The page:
This is Mother Webber, singing about Joy in the Holy Ghost!
While singing, my eyes followed her blouse. Mother Webber’s blouse fixture is so intricate, I couldn’t stop looking at it! It looks like a bow tie or maybe a bib or maybe an extra collar? Who knows? What I do know is the way she fixed it up to span across her contrasting blazer made it even more unique.
One of my favorite photos of Bishop Green sitting outside during the Holy Convocation.
He finished eating pig feet, greens, rice with gravy and corn bread!! The Young Adult Choir was in the kitchen and Mother Christine, a native of Arkansas, helped me with the southern meal.
Sometimes when my plate is filled up with a lot to do and I feel like doing a half job, I scroll to this picture and make sure I put my best foot forward. There’s nothing like doing something for others so well that their appreciation shines through their smile.
I am standing with my beloved Mother Wanda. On the left we are hugging after a church conference in 1998. (That’s my cousin photobombing us). The photo on the right is of us in 2021.
We became close through her niece, one of my childhood best friends, LaKeisha.
LaKeisha was my Holy Convocation best bud.
Anyone who grew up in a holiness church can probably attest to the importance of church conferences, especially the HolyConvocation.
We became friends simply because she wore what I didn’t wear like tight African braids and painted nails and in contrast; I said all the things she didn’t say, like, “of course I like boys!” and “guess what I have a boyfriend!”
Sister Wanda didn’t know about any of that culture exchange stuff going on between LaKeisha and I. While she was very protective of her sweet niece, and did not allow her to hang around the huge temple with just anybody’s kids, she allowed me to show LaKeisha around. I, of course, introduced her to my cousins and best friends. They had one thing in common, they were from the south. I was the only one from the north.
LaKeisha had great respect for all adults. She would constantly ask me if my mom knew about all the crazy things I did- like getting water from the fountain to pour on John while he spoke to Mother Wood.
“Lystria, you shouldn’t be doing that!”
“Why? He hit me and now it’s time for us to get him back!”
“But not with water!!”
She’d run behind me holding my bag and books.
Before she could say anything else, and before Anthony could warn John, I splashed him and the elderly mother with cold water.
As if nothing happened, we then walked back into the sanctuary, just in time to join the saints in singing, One Way to God before Bishop Goodwin started his sermon.
LaKeisha would tell me about her life, her church in particular. She’d ask me questions that I’d gotten used to by all visitors. However, unlike my school friends who would frequent my church, Kee Kee (which is what we called her) was always thinking about aristocracy, interested in the pulpit. She didn’t ask incompetent questions about dressing and hair, but she’d ask questions about the structure of the church that I sometimes had as a little girl- which is why our friendship lasted.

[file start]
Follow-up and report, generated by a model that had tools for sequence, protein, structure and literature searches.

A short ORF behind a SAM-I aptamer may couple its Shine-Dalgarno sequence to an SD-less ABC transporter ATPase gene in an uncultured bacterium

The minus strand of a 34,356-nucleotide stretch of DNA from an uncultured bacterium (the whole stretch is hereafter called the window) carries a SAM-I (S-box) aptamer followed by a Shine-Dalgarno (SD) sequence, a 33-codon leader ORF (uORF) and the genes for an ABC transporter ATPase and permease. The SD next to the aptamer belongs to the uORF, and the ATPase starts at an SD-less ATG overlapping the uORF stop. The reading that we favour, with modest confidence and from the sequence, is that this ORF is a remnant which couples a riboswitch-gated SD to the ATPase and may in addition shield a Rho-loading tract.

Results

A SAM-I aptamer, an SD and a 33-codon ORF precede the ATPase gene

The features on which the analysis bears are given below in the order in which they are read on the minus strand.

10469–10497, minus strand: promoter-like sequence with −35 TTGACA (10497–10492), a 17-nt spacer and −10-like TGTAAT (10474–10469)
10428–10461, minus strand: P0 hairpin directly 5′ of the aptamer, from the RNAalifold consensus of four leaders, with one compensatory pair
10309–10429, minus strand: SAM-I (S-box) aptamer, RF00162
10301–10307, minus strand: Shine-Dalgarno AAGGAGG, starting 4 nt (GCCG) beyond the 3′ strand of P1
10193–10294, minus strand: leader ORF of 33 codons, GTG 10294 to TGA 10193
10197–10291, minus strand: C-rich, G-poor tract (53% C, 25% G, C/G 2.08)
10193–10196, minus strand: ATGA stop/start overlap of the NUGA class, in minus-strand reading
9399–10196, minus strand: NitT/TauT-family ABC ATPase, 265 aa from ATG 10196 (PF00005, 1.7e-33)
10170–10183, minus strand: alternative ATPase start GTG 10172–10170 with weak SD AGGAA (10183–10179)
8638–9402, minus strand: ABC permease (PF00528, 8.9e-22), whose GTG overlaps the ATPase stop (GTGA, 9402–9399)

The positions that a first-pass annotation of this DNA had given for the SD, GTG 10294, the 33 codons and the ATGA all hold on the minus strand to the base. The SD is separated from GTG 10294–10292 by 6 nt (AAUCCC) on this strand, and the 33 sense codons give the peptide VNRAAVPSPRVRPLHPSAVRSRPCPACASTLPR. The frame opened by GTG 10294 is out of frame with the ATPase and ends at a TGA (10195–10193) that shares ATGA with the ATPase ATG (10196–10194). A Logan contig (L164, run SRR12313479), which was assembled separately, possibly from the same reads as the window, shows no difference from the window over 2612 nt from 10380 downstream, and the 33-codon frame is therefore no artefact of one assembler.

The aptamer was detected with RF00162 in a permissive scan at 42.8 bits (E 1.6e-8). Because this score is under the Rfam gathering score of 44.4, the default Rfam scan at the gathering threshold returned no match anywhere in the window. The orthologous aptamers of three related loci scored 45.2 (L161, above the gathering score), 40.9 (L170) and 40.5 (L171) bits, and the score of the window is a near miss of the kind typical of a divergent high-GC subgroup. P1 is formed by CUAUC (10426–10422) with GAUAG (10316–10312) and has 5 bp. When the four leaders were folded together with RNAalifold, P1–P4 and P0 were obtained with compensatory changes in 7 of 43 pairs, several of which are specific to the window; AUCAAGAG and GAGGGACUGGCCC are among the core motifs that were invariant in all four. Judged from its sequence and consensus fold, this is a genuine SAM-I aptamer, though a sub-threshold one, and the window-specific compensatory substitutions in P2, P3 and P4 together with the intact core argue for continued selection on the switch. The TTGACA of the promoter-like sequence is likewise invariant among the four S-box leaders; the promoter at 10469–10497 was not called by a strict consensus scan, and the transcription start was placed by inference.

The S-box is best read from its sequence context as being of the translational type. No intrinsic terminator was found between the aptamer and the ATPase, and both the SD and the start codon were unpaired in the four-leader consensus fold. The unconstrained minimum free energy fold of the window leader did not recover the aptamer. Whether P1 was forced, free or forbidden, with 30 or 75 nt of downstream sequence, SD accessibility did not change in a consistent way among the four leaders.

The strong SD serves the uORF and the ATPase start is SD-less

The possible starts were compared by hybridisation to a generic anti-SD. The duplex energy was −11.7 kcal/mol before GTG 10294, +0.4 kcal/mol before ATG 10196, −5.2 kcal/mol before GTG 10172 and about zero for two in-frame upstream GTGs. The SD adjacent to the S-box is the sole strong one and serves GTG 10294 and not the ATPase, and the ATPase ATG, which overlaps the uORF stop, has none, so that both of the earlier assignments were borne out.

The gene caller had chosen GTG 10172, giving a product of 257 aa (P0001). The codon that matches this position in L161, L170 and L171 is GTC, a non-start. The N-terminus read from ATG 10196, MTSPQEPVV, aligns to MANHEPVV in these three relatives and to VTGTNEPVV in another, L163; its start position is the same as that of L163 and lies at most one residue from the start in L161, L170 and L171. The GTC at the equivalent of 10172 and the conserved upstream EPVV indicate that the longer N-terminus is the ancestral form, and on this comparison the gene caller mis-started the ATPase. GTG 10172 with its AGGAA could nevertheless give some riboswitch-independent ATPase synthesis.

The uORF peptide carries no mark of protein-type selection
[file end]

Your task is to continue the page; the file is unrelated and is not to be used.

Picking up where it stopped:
Why are people who don’t know how to sing or play called up to sing and play?
We would giggle next to Sister Wanda before being given “the look”.
Then the sermon would start and she would ask-
Do you have your Bible? Do you know how to find the scriptures?
We would find our way through the Bible and act really serious until she’d pass me a note about the church mother sitting next to us, why is she saying amen to everything Bishop says?
And we would hold our laughter.
Sometimes we got into trouble. Sister Wanda became like a mean auntie then. She’d separate us then explain to both of us why she was doing it. LaKeisha would roll her eyes but I was afraid to roll my eyes or even talk back, because she could have done worse. She could have sent me back to my mom who was also looking at me with a warning eye five benches behind! Yep, we were at the front of the church acting up.
Somewhere between middle school and high school, Keke stopped coming. As young adults, now in college, LaKeisha and I caught up just to tell each other we were alive… via Facebook. But in real life, My mom and Sister Wanda connected. They talked about their similarities. Age. Birthdays. Growing up in the same state. Whatever adults talked about.
Soon the only two left were Sister Wanda and me.
My mom passed.
Long before the church appointed Mother Wanda as a mother, the highest title for women in the church, she reached out to me as a mother would, without any title.
After the wedding, I met the Freemans. A couple native to South Carolina.
What a conversation!
(Sometimes in my head, I have thoughts of the American south and even if they are stereotypes or images of the past, they just don’t go away. It’s thoughts like that that leads to romanticizing the south. Meeting the Freemans did my imagination justice.)
I stood outside talking to family members, when I was approached by Mother Freedman who introduced not herself but both of them.
“Praise the Lord, We are the Freeman’s. And you are?”
I gathered from our conversation that even though it looked like they were married for a while, they were newly weds and very much in love.
“How did you meet? If he is from the North and you from the South?”
“We knew each other and would talk over the phone.”
“Then you just decided to meet and marry?”
“Yes. I told Brother Freeman if he wanted to marry, he would have to move to the south!”
“And he did, so he must really….. love you! Congratulations!”
I, of course, was interested in her dress! I thought it was an amazing outfit!
She also found me interesting and had a lot of questions to ask me about the “Big City”!
The next day, I was happy to see the Freemans again. Once again as a couple.